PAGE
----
Lupino does a fantastic job. A lean and mean thriller about a murderous hitch-hiker who makes a couple of regular guys drive him across the deserts of Mexico. The technical aspects are impressive, great lighting and editing and staging. The mood and the story are tense, and Talman's vicious streak cuts like a knife. The one weak point is that it's one of those movies where you keep thinking "well, what *I* would do is...." But it's fine if you just go along with it.
An interesting exercise in noir style, transposing the trademark genre visuals (shadows, harsh lighting, claustrophobic close-ups etc) from the dark city streets to the bright open expanses of the Mexican desert. Surprisingly, it works well, with the interior car shots being particularly tense. As a whole, though, the film didn't really cut it for me. The story feels half-baked, characters are under-developed and the ending is very anti-climactic.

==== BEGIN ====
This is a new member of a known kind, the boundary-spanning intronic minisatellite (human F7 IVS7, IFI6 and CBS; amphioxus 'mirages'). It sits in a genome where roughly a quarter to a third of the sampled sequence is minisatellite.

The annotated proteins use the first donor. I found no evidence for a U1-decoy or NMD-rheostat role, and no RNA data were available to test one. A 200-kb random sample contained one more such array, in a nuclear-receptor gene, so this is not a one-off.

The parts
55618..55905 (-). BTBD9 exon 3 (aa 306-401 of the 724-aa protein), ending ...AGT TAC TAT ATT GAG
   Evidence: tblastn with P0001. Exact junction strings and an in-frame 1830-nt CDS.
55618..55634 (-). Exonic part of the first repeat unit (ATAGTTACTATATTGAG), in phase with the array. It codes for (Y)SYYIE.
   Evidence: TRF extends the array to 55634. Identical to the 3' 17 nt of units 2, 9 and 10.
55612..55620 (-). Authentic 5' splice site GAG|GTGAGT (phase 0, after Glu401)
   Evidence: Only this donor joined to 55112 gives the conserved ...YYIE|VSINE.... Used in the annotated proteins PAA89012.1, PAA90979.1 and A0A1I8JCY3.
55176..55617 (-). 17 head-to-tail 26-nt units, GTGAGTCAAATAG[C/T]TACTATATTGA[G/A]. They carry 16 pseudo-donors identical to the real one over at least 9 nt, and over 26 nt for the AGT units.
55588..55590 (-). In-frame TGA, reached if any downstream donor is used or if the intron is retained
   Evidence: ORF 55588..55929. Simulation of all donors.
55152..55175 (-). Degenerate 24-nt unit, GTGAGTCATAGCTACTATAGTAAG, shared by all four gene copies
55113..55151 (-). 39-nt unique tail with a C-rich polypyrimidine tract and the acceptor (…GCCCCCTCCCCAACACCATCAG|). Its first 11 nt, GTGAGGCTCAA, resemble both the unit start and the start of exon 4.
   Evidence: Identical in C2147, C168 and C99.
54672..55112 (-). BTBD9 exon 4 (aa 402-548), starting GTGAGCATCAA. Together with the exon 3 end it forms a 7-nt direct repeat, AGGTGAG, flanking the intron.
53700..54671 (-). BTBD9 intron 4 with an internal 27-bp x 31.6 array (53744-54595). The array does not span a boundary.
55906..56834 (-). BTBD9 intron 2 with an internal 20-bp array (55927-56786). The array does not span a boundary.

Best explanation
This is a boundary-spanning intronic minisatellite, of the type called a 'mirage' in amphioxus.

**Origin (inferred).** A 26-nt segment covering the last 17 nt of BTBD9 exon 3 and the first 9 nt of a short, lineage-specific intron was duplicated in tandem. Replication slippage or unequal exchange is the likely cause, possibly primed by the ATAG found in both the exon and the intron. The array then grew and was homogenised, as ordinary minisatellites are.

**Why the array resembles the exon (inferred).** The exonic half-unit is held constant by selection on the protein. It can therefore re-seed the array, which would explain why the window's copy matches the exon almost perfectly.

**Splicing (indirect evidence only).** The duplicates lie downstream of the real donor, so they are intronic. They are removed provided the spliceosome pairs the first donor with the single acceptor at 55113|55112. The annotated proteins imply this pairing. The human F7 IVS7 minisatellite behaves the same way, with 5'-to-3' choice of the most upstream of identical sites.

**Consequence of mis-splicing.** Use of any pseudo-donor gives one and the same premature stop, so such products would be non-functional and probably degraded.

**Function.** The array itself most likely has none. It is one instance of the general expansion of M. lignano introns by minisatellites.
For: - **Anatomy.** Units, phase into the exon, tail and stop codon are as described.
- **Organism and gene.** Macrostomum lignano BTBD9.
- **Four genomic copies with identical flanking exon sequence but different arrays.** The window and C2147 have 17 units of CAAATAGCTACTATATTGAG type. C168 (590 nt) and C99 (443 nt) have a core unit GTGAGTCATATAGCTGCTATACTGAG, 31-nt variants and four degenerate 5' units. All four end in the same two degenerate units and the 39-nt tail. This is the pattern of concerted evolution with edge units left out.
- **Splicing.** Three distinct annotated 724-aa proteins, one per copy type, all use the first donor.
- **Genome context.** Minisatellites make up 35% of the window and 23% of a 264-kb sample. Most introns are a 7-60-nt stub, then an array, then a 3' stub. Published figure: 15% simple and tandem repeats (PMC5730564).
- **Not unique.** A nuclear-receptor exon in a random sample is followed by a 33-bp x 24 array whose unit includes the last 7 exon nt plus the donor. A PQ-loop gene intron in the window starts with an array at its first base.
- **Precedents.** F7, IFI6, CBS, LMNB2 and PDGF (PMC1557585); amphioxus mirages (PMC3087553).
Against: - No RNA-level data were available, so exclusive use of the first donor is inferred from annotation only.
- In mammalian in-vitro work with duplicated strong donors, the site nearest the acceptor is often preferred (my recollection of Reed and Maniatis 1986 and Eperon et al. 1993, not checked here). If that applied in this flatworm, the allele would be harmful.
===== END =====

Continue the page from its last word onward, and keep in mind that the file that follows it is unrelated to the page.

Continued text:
A gem, a hardened one which is personified by William Talman's grotesque yet entrancing serial murderer, a narrative which feels like a story from Flannery O'Connor, shot like noir and directed greatly by the same person who would make the vastly different The Bigamist and The Trouble with Angels.
There's a certain low budget rawness in the atmosphere and performances that makes it incredibly effective as a true crime film. At barely 70 minutes it wastes no time in getting right to the meat of things, two guys pick up a hitch-hiker who happens to be a murderer on the run, and the rest of the film is a very tense interplay between them. William Talman is unforgettable in his role, and his introduction is one of the film's greatest sequences, along with the finale.